Monaco GP Takeaways: Ocon's moment, Leclerc's struggles, who can stop Verstappen?

Following each race weekend this year, theScore’s editors offer their takeaways. We continue the 2023 schedule with the Monaco GP.

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What does it take to beat Verstappen, Red Bull?

Monaco was supposed to be our best chance at seeing a non-Red Bull car take the checkered flag. Yet it ended with a familiar sight, as Max Verstappen won Sunday’s race by nearly 28 seconds to conclude a brilliant weekend.

Monaco is typically known as a circuit where the race is decided on Saturday. And even after a heroic, last-gasp pole lap by Verstappen, the reigning world champion certainly didn’t have it easy on Sunday. Starting on opposite tires of his front-row foe Fernando Alonso, the 25-year-old somehow nursed his medium tires into the hard-tire window while maintaining a comfortable lead during the first stint. But, it was a questionable call from Aston Martin which saw Alonso pit for new slick tires as the rain began to fall that firmly placed the race in Verstappen’s control. All he had to do was survive a treacherous downpour that caused many other drivers trouble, and despite a few close calls with the wall, Verstappen held on comfortably to win.

“We had enough margin with nine or 10 seconds when he pitted that even being three or four seconds off the pace, we’d have still been three or four (seconds) up the road,” Horner said. “I was surprised they took the medium tire, and that totally got us off the hook, and then it was a question of getting it to the pits and having us turn the car around.”

The circumstances and outcome of Sunday’s race begs the question: Can Red Bull be beaten anywhere? It felt like Monaco was destined to put a new face on the top step of the podium, as Horner admitted there wasn’t the usual optimism within the team.

“I think we were on the ropes here,” Horner added. “We knew coming into this weekend this was going to be our biggest challenge in the first half of the year.”

Red Bull had an answer for everything thrown at them. The track characteristics lacked features that favor the RB19’s straight-line speed. But, after a few setup changes following FP1, Verstappen controlled the timesheets. He then sat fifth in the final minutes of qualifying before clawing back three tenths in the track’s final sector to take pole in extraordinary fashion. On Sunday, Aston Martin’s alternate first-stint strategy and unpredictable weather threatened Verstappen’s lead like we’ve never seen this season. Still, nothing changed, as the car with No. 1 painted on its nose triumphed for the fourth time this year.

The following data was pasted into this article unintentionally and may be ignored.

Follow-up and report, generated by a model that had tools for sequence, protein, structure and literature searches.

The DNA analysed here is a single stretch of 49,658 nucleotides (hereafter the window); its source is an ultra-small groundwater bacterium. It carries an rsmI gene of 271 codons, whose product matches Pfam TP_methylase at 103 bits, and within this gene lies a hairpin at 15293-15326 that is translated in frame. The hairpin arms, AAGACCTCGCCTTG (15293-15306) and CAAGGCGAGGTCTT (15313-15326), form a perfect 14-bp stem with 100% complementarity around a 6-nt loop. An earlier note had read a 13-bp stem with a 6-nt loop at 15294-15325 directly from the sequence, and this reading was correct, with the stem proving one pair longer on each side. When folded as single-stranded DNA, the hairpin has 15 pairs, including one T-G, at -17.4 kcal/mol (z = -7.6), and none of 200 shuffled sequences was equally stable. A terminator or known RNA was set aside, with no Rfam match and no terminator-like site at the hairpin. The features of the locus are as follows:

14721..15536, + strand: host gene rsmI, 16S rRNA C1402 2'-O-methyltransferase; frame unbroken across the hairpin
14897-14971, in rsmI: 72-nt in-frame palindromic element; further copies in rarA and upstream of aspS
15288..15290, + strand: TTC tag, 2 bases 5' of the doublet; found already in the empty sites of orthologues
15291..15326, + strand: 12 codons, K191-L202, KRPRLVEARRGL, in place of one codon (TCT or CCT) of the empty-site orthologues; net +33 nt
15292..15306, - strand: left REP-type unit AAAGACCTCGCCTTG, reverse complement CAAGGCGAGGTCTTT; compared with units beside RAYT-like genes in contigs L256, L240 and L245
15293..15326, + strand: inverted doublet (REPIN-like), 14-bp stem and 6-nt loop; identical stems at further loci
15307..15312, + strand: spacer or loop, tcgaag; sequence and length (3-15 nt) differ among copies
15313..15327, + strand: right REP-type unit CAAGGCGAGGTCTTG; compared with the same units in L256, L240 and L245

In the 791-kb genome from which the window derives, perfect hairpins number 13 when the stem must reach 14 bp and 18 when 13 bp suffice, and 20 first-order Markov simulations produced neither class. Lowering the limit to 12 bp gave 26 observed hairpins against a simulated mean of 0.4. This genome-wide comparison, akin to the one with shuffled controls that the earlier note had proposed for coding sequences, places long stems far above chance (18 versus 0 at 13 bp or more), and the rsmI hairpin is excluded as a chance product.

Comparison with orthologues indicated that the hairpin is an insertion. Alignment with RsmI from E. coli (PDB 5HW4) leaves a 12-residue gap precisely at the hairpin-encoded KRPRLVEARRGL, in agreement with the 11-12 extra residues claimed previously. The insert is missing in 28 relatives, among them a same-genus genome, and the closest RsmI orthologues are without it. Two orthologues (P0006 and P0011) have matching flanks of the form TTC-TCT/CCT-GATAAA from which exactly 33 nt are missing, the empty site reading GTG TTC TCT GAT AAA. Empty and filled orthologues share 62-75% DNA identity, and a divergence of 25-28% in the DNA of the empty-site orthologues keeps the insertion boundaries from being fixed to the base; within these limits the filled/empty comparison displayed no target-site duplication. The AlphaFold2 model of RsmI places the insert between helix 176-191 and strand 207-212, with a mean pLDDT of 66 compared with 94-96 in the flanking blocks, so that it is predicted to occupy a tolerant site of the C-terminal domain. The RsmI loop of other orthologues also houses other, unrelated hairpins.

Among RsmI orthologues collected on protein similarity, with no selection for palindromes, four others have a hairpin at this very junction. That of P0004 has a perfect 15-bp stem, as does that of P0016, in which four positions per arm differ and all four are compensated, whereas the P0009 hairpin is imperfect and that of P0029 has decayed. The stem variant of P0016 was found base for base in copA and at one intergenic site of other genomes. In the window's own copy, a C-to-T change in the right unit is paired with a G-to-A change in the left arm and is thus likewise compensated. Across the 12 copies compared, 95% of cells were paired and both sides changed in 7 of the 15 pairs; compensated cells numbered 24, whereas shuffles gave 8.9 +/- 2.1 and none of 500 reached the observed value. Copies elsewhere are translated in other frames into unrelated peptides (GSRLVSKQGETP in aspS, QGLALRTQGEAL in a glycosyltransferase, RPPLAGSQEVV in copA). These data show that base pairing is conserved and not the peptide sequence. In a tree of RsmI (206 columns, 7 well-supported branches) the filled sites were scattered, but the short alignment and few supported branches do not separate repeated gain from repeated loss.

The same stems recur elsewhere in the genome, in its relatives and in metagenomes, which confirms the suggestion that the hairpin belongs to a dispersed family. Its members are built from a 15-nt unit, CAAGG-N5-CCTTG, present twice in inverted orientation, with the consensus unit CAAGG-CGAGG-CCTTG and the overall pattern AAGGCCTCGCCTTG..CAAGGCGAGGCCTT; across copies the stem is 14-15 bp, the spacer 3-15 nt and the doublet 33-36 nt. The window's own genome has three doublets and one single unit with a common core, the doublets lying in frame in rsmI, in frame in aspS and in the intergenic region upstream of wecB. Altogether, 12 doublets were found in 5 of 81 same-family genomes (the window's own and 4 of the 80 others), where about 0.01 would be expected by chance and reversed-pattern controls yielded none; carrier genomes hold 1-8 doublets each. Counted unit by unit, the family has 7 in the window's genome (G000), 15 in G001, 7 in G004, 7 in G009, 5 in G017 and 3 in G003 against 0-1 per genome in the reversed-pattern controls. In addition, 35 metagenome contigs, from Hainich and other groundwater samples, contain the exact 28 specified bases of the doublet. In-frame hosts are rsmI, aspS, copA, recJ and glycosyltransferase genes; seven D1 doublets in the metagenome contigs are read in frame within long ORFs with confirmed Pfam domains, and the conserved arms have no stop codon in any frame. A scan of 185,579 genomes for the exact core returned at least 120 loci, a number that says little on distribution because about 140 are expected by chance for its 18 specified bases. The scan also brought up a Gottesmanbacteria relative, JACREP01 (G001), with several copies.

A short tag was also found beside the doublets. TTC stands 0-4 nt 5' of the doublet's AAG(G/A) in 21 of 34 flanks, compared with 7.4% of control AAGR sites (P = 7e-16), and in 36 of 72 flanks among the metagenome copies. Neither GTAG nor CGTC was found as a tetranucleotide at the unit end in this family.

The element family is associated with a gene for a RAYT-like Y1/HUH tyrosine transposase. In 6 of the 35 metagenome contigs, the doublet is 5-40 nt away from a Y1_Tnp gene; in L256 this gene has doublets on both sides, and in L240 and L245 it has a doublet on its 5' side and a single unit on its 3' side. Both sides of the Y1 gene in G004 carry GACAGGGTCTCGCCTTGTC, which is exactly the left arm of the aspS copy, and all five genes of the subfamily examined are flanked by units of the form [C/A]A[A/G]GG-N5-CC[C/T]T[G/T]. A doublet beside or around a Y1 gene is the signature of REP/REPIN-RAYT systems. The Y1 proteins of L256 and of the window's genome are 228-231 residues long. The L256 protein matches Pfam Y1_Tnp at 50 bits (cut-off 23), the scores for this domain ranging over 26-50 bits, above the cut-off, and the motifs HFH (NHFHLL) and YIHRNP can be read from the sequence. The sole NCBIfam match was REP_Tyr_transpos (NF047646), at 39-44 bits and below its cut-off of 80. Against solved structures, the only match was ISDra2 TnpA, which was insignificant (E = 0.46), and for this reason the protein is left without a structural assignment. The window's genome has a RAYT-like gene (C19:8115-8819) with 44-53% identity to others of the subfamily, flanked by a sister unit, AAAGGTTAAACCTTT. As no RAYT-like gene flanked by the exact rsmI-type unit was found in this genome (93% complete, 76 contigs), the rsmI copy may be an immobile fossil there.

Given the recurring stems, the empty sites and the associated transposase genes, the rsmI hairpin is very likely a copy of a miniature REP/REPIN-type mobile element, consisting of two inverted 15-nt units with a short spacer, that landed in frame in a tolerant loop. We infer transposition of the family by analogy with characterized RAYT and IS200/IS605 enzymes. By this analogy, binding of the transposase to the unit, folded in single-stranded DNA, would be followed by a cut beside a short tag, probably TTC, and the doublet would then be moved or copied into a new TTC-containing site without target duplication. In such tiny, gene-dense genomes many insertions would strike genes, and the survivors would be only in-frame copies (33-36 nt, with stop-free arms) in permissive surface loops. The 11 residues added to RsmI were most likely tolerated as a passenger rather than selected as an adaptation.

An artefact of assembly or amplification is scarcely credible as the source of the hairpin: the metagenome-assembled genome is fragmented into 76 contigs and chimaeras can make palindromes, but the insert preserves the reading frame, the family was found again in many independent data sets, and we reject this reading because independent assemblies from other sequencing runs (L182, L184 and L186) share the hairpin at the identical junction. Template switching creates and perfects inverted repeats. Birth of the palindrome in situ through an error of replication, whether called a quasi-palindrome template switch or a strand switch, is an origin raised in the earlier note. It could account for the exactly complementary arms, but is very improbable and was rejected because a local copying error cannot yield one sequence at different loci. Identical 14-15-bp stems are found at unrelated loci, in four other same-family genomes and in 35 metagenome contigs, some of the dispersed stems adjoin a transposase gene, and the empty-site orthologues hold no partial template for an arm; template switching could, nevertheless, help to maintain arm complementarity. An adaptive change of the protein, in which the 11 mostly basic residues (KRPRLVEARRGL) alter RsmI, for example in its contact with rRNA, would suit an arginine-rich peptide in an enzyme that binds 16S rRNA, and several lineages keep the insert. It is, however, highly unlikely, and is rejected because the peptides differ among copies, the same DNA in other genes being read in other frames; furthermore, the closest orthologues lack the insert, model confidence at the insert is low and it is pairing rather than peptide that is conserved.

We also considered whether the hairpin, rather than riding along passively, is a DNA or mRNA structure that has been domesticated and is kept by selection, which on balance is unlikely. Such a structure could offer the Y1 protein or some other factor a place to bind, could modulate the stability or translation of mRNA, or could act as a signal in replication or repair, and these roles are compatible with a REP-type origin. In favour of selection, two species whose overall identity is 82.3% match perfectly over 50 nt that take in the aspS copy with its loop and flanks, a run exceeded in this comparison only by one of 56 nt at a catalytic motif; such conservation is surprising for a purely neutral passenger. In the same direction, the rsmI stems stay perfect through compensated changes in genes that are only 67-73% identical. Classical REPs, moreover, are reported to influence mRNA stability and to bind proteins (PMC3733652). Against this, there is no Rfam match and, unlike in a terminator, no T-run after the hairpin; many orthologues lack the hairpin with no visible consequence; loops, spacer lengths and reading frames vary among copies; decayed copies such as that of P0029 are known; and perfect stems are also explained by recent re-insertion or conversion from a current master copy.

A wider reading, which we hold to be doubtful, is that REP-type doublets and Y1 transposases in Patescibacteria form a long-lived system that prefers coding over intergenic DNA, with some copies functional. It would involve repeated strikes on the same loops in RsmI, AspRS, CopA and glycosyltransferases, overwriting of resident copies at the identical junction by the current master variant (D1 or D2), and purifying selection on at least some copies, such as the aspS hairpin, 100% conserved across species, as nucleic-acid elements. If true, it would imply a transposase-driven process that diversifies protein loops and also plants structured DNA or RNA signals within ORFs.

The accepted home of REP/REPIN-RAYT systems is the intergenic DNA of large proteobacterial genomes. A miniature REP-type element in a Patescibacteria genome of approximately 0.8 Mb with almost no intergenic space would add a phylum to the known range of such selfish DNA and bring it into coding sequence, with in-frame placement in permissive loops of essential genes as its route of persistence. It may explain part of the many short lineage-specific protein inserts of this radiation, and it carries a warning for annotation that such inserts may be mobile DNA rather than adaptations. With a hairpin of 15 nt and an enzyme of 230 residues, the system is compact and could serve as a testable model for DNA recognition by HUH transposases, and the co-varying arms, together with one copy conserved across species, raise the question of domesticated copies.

The 2023 season has now started with six straight Red Bull wins. Turn the clock back a bit further and the picture gets even more somber for the rest of the grid. The Milton Keynes team has won 22 of the last 25 races going back to last year’s Emilia Romagna Grand Prix. – Daniel Valente

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Ocon gives Alpine much-needed podium

After being blasted by CEO Laurent Rossi for a slow start to the season earlier this month, Alpine responded in a big way in Monaco with Esteban Ocon grabbing the team’s first podium since Qatar 2021.

Alpine showed incredible balance throughout practice, and Ocon capitalized by qualifying fourth before a grid penalty promoted him to third. The French driver was on the limit Saturday, even sticking his Alpine on provisional pole for a brief period. His Sunday showing in changing conditions was just as good as he defended against an aggressive Carlos Sainz and Lewis Hamilton to take the final podium spot.

“We didn’t put a wrong foot at any time. Even when we put the inter tires on it was the perfect time to do so, and I’m just enjoying the moment now,” Ocon said. “It’s been a while since I’ve been on the podium and I hope this is the first of many.”

While guilty of sometimes getting lost in the shuffle, Ocon can extract quality performances like the one in Monaco. His third place Sunday was his third career podium and first since his unforgettable 2021 win in Hungary. Additionally, he’s outscored Pierre Gasly this season despite the former Red Bull pilot’s career credentials.

Ocon’s drive was also a reassuring sign for Alpine, who were threatened with “consequences” if they didn’t push for fourth place in the constructors’ standings. Though there’s a considerable gap to the likes of Aston Martin, Mercedes, and Ferrari in the standings, the Alpine car has displayed real pace at times this season. That all came together on the streets of Monaco with Ocon’s podium and Gasly’s seventh-place finish.

Also worth noting is that Ocon’s result delivered a glimpse of the unpredictability that fans have been waiting for since the new regulations were introduced. The big three of Red Bull, Ferrari, and Mercedes filled 65 of the 66 podium places last season. That’s begun to dissipate in 2023 as six of the 18 spots have now been occupied by Aston Martin (5) and Alpine (1). – Valente

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Mercedes’ long-awaited upgrade package still a mystery

Mercedes weren’t able to show off the full potential of their upgrade package in Monaco, but it has become clear that the team is second best on the grid right now.

While Alonso has been able to really harness everything in his Aston Martin, the same cannot be said for his teammate Lance Stroll, who trails the two-time champion by a whopping 78 points. Mercedes, meanwhile, continue to see both cars consistently bank points and now sit just one point back of Aston Martin heading into Spain.

“I’m really happy. We continue to move forward,” Hamilton said after finishing fourth in Monaco, one spot ahead of teammate George Russell. “Coming into the weekend, I didn’t know where we would stand. To come out 4-5 is really good points for the team. It’s been so much work (to bring the upgrades here). We beat the Ferraris.”

Mercedes brought in a number of upgrades – initially supposed to debut in Imola – for the weekend. The team altered its sidepods, tweaked the front suspension, and the floor design.

We likely won’t be able to judge the progress of the team until Barcelona later in the week, but Hamilton said that the track is one that should really show off the changes.

“It is really difficult here to know,” Hamilton said of Monaco.